While you can’t be happy about excessive regulation, bureaucratic interference, posting much higher capital, and having $500 million per year expropriated from your working funds, you can accept it if most of the following occurs.

First and foremost the legislative assaults end with passage.

The Sen. Dick Shelby (R-Al.) “use Fannie and Freddie to bail out the FHA losses” provision ties the GSEs ever closer to the federal government--moots the “not the full faith and credit of the federal government” charter provision”—and when the companies borrow in the international credit markets, their debt costs narrow and are closer to Treasury rates than they ever have been, which produces huge savings for the GSEs.

(The irony is that Shelby, promoted his FHA fix saying, “I don’t want the tax payers picking up the tab for FHA losses.” But his actions become precisely that, as the market players wink at one another, see the role the new congressional role the GSEs now will play, charge them less for their debt and pay them more for their mortgage securities, because the legislation ties them closer to “full faith and credit.” The markets also remember the Fed’s Bear Stearns mouth-to-mouth exercise.)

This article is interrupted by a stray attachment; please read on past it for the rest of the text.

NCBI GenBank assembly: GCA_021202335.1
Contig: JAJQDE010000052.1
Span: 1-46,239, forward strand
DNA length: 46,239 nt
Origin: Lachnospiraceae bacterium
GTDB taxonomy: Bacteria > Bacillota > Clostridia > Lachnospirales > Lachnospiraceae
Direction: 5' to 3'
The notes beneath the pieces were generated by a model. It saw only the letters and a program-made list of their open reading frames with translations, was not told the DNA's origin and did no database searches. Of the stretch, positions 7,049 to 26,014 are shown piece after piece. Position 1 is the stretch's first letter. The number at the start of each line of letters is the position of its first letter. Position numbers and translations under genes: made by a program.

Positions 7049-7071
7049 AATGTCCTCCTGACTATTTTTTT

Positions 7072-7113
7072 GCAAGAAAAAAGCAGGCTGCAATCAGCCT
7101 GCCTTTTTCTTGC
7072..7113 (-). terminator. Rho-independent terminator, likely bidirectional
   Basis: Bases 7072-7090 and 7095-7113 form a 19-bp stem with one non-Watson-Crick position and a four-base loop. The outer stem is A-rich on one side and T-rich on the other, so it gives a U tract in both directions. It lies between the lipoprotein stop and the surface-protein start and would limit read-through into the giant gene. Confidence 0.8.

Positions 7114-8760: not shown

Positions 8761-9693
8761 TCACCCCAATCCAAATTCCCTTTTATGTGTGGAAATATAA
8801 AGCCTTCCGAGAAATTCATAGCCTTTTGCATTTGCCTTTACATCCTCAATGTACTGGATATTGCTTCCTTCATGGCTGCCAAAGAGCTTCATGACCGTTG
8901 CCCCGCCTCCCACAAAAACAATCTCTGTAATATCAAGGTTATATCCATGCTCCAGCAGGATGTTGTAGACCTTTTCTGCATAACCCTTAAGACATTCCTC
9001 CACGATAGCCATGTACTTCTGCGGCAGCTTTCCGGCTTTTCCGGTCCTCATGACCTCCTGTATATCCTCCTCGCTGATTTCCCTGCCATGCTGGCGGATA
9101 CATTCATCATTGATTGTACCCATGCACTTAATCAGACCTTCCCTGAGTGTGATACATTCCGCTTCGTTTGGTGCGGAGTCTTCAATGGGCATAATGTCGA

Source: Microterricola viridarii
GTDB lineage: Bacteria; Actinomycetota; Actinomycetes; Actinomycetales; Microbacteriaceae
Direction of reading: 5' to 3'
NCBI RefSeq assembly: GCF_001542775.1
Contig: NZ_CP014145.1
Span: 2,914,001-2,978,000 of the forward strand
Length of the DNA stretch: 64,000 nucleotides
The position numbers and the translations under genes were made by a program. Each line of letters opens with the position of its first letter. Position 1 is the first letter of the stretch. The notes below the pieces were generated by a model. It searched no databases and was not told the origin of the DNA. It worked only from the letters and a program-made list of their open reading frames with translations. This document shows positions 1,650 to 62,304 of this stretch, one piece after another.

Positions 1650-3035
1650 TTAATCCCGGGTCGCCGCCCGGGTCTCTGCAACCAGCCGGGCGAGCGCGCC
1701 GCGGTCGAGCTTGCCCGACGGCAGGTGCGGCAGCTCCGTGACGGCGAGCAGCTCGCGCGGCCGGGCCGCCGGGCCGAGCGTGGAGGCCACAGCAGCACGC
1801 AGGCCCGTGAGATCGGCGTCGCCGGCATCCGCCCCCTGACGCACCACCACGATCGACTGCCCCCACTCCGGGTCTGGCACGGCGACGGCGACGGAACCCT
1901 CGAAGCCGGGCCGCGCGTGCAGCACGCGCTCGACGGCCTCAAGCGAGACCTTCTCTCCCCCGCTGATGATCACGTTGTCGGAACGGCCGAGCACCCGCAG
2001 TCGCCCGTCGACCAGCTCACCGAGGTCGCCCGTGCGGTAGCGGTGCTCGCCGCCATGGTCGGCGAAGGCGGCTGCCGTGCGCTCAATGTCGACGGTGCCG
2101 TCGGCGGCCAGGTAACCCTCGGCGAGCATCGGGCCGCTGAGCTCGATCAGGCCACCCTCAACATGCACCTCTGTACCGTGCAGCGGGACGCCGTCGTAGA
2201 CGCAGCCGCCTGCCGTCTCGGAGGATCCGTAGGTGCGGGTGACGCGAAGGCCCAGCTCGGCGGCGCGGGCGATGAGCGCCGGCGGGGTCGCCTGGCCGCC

Because leaders in both chambers want a GSE mortgage ceiling increase, for back home consumption, they add necessary langauge in conference or on the Senate floor, the legislation ultimately gives both companies, as well as the FHA, permanent authority to finance previously “jumbo” mortgages, as large as $700,000 or more, opening a major expansion of the conventional market to the GSEs, adding to their dominance and income.

Markets being what they are, the US mortgage market comes back and the GSEs resume their old time magic, new rules, new regulator and all.

The superior attraction of Fannie’s and Freddie’s “red, white, and blue” securities—thanks to Sen. Shelby--keeps their growing market shares high and their prices gradually are boosted to pay for all of the new bells and whistles the legislation inflicts on them. Already major corporate federal taxpayers, the companies may pay the government higher “homeownership taxes,” but, at the end of the day, the companies are richer, fatter, and their shareholders better off than before.